Julie, do you ever get angry?

Raw and uncut response to the white boys behind me at a play.

I went to the play, “Monster,” last week. It’s the story of a 16 year old charged with felony murder who was acting as a lookout for a robbery gone wrong. I won’t tell you the end, but I will tell you what the two white boys behind me thought (whether it was in agreement of the actual ending or not – so as not to be a spoil-alert).

“He should be charged. He’s clearly guilty.”

He was a lookout for a robbery and someone was shot unintentionally. While he was guilty to that. Did you really just say his guiltiness in a robbery should allow for a state prosecutor to charge him with felony murder as an adult at 16 years old?

I turned around and reminded them, “He was an accomplice to something. He did not commit felony murder. He was an accomplice to a robbery. People are getting higher-stakes crimes slapped on them to make others feel that justice was served. And they’re still doing it today. It’s sad.”


Apparently they were shocked by the girl sitting in front of them who was hearing their conversation and added her two cents. I would have been too – I hate it when that happens…. no one asked you.

Yet I felt, in my soul, it was my legal duty as a fellow white person to help them see something different, then pray that they never become attorneys. They got quiet, and I realized how rude that was, but didn’t regret my decision at all. What I regretted as I walked away was not thinking quicker on my feet. What I really wanted to say was –

“He was an accomplice to a robbery. Someone died. He could be charged with intent to rob, but felony murder is a huge jump, but it sounds good to you because you will never know the experience of a false accusation against you because you are white.”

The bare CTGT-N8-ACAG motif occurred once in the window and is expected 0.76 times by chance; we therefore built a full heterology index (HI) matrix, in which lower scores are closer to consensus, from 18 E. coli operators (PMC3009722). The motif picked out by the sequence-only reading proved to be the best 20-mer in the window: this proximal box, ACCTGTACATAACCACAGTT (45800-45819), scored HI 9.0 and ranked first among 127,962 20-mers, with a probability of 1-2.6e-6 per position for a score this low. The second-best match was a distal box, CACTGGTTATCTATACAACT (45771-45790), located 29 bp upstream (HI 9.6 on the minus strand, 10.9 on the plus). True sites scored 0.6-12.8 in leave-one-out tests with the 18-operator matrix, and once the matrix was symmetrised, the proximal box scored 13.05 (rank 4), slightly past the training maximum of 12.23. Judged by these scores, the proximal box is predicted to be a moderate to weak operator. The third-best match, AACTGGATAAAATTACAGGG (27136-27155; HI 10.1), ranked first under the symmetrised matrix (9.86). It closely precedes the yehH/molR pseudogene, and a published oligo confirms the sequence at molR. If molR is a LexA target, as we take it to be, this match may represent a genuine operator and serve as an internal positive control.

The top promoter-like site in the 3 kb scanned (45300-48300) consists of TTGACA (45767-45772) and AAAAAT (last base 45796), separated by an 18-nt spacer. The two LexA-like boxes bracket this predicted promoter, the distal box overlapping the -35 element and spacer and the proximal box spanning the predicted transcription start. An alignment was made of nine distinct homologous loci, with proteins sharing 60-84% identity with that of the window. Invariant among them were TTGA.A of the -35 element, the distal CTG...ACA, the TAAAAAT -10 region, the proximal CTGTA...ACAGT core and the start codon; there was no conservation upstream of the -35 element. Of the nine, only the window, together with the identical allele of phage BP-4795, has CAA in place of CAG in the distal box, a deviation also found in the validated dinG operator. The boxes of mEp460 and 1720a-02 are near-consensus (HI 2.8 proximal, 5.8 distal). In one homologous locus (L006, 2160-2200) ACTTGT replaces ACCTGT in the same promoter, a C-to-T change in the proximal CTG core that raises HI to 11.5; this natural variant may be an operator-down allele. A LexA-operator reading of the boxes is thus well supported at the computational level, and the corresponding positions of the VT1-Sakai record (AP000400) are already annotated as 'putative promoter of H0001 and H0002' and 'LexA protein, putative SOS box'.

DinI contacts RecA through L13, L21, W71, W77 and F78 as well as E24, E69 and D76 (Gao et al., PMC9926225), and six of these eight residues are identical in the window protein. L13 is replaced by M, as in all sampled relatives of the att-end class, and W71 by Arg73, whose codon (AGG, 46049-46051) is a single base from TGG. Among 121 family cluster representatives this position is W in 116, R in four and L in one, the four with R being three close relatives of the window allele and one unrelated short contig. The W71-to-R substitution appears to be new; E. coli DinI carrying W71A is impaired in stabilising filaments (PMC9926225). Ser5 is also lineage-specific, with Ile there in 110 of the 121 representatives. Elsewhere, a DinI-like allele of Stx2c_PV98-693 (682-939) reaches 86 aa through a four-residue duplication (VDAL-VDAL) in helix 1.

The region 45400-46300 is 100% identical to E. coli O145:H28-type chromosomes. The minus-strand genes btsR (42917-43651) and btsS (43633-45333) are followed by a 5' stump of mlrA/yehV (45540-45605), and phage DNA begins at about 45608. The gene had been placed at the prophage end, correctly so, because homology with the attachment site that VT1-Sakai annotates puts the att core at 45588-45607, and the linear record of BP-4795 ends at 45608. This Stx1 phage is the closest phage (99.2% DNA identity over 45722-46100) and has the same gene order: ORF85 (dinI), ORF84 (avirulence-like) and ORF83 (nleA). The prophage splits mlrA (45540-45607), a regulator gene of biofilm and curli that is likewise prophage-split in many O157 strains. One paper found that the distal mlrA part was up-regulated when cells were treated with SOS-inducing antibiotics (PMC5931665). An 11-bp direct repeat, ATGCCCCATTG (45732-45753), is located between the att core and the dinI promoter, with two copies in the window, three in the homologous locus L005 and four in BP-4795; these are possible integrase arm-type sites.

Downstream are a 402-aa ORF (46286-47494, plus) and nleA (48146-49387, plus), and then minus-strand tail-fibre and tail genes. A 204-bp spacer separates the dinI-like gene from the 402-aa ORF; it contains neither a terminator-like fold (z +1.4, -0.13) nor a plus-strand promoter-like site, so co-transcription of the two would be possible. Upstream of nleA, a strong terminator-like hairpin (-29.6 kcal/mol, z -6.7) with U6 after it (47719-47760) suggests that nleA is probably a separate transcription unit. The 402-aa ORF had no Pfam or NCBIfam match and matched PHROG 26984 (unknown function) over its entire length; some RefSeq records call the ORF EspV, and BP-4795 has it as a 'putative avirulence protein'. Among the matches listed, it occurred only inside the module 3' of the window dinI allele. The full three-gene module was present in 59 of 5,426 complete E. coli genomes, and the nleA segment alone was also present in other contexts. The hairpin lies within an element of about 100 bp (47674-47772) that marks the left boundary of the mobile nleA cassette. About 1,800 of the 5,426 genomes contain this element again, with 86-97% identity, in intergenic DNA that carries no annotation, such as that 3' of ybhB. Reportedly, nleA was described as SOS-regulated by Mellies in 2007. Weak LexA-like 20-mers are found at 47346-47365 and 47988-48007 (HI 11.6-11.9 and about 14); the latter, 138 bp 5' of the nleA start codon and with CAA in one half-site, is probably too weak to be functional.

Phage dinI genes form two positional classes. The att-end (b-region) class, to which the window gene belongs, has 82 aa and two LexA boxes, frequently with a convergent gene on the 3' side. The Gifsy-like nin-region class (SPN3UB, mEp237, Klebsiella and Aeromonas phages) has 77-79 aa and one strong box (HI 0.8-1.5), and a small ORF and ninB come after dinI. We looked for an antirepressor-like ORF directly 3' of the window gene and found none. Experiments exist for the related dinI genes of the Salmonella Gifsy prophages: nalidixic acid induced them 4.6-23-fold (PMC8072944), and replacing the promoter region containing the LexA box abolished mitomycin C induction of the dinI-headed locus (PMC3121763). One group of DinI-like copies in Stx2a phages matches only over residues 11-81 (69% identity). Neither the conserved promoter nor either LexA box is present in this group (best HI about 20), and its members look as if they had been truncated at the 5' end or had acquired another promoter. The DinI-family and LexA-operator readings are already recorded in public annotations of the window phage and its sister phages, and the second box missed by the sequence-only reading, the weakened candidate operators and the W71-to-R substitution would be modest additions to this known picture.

“Do you know ANYONE who has been locked up for crimes done by other people while they were simply nearby and it ruined their life with felonies? Stop talking.”


“Did he kill someone? Was his intent to even kill someone? You could have only rightfully charged this young man with intent to a robbery, and if we are talking about charging people based on intentions, let’s talk about our intent as a white race to not change our comfort or mindsets while inflated convictions with a lifetime of unnecessary consequences are being placed on young black men based on a judgment of their character connected with the color of their skin.”

I wish I thought quicker on my feet.

2 thoughts on “Julie, do you ever get angry?

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  1. For a number of years I used to write to a Spanish American who was serving a life sentence for a gang related murder he did not commit. Yes, this young man in question was in a gang but he had not committed this crime, on that night. The only crime he committed that night was looking like the man that did commit the crime.

    What is worse, there is DNA evidence that proves he was not there! On top of that, the killer did actually admit to, and was charged with the SAME crime. Even said my friend was innocent, that he had been alone that night. No one else was with him.
    Even with that admittance from the true criminal my friend was not released, his crime was not look at again. So two men are charged with that same crime even though only one of them was the real killer.
    I think they figured that since my friend was a gang member he would have been charged with murder eventually. Why was time releasing him when he will be back in charged with a different murder.

    I couldn’t do much from down here in Oz, but researched and printed out an application for that US “Innocence Project”. I stopped hearing from him not long after I sent the application. Heard nothing more from the jail. I would like to think they’d have contacted anyone he was writing to, not just his family, if he had committed suicide, or something happened to him.

    I’m Australian, our justice system is not as bad as the one you have up there thankfully. It still has it’s problems, I think all “justice systems” do. But here in Oz there is a focus on rehabilitation rather than just locking people up and throwing away the key.
    If I had been in American I dare say i would still be sitting in jail. Instead I had about a year and a half jail time spread out over six-seven years, give or take.

    Sorry, STILL reading your journal, still spouting my inane nonsense! Sorry Julie, I will try to be quiet now! ~waves~

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